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Right Here, Right Now: Thoughts on Kathryn Bigalow’s Osama Bin Ladin Project…

It’s interesting that the piece of news which grabbed me most coming out of the whole news cycle around the assassination of Osama Bin Ladin by US troops in Pakistan wasn’t any of the discussion over the legality of the act, nor the debate over whether assassination is now an acceptable tool of foreign policy. It was the near-instantaneous announcement that Kathryn Bigalow would be working on a feature film adaptation of the killing, an adaptation that reportedly has a mostly finished script and a lead actor already. Perhaps it’s a stunning illustration of just how quick the news and media cycle is, but I wonder how quick we feel the need to turn history into cinema.

If you believe the suggestions that screenwriter and journalist Mark Boal was already working on a script about the team assigned to track down Bin Laden (which I do, even though cynics might suggest the script is being so heavily rewritten it’s practically a first draft), it’s simply a case of Bigalow’s next project being given a powerhouse of an ending by the forces of fate and chance. It’s a perfect example of blind luck, as one imagines the trouble that might have been caused if the death of Bin Laden happened after the filming but before release – preemptively dating the entire exercise.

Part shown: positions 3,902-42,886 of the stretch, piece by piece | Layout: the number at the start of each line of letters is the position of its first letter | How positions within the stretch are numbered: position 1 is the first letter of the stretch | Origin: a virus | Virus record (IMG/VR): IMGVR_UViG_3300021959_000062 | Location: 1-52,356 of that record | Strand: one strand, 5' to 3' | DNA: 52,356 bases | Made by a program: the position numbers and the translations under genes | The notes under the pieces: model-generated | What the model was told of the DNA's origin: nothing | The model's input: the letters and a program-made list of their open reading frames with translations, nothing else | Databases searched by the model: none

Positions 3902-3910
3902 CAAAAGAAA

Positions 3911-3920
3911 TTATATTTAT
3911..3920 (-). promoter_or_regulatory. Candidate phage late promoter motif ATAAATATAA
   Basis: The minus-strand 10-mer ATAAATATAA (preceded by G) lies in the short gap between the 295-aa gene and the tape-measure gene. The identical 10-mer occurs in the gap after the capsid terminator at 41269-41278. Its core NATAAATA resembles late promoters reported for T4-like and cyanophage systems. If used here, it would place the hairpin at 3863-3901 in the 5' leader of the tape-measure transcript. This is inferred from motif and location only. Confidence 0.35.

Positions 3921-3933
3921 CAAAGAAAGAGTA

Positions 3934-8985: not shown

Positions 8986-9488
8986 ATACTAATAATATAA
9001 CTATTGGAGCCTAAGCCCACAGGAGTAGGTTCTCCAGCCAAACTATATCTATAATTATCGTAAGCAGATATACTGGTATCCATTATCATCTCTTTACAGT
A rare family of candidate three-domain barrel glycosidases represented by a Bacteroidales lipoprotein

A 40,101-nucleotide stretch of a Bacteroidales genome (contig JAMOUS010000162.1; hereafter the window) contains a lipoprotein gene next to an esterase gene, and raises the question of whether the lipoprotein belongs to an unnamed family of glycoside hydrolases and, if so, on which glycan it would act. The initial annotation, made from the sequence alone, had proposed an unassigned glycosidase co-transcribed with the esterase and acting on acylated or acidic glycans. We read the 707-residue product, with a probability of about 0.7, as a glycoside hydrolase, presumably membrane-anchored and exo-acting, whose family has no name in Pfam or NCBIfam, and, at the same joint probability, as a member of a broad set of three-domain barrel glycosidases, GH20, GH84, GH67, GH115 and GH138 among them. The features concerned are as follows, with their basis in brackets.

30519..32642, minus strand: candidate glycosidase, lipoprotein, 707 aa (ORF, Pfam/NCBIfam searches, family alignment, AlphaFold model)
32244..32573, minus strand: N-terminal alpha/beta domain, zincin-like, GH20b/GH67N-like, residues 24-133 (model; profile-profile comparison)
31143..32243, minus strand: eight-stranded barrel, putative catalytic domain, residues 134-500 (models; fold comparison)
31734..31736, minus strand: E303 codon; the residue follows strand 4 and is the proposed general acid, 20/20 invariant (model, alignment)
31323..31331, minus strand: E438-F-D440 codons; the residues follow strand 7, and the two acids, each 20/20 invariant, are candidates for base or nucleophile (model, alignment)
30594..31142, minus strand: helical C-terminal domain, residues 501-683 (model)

Still, it feels very fresh for a film that is entering production now, and will probably be aiming for a major release this Oscar season, while everything is still so deliciously “topical.” It is genuinely impressive, from a technical perspective, that Hollywood can work fast enough to get everything turned around and started (and finished) so quickly after the news breaks. It’s a wonderful testament to the talent of those involved that the film might see release within the same year as the events it depicts.

Shoudl we wait until the Hurt settles?

However, I still feel distinctly uncomfortable with the idea. It just feels, perhaps, like this is far too close to the event to be comfortable. There has really been very little chance for the world (and even America) to catch their breath following the killing, or for the dust to settle. Important questions are still being asked about various aspects of the death, and I imagine more details will be uncovered in the weeks (if not months and years to come). However, it isn’t the issue of factual fidelity that concerns me – I don’t mind if one or two details are changed to transition to screen. I’m a pragmatist, the story needs to work as a story, a format real life seldom conforms to.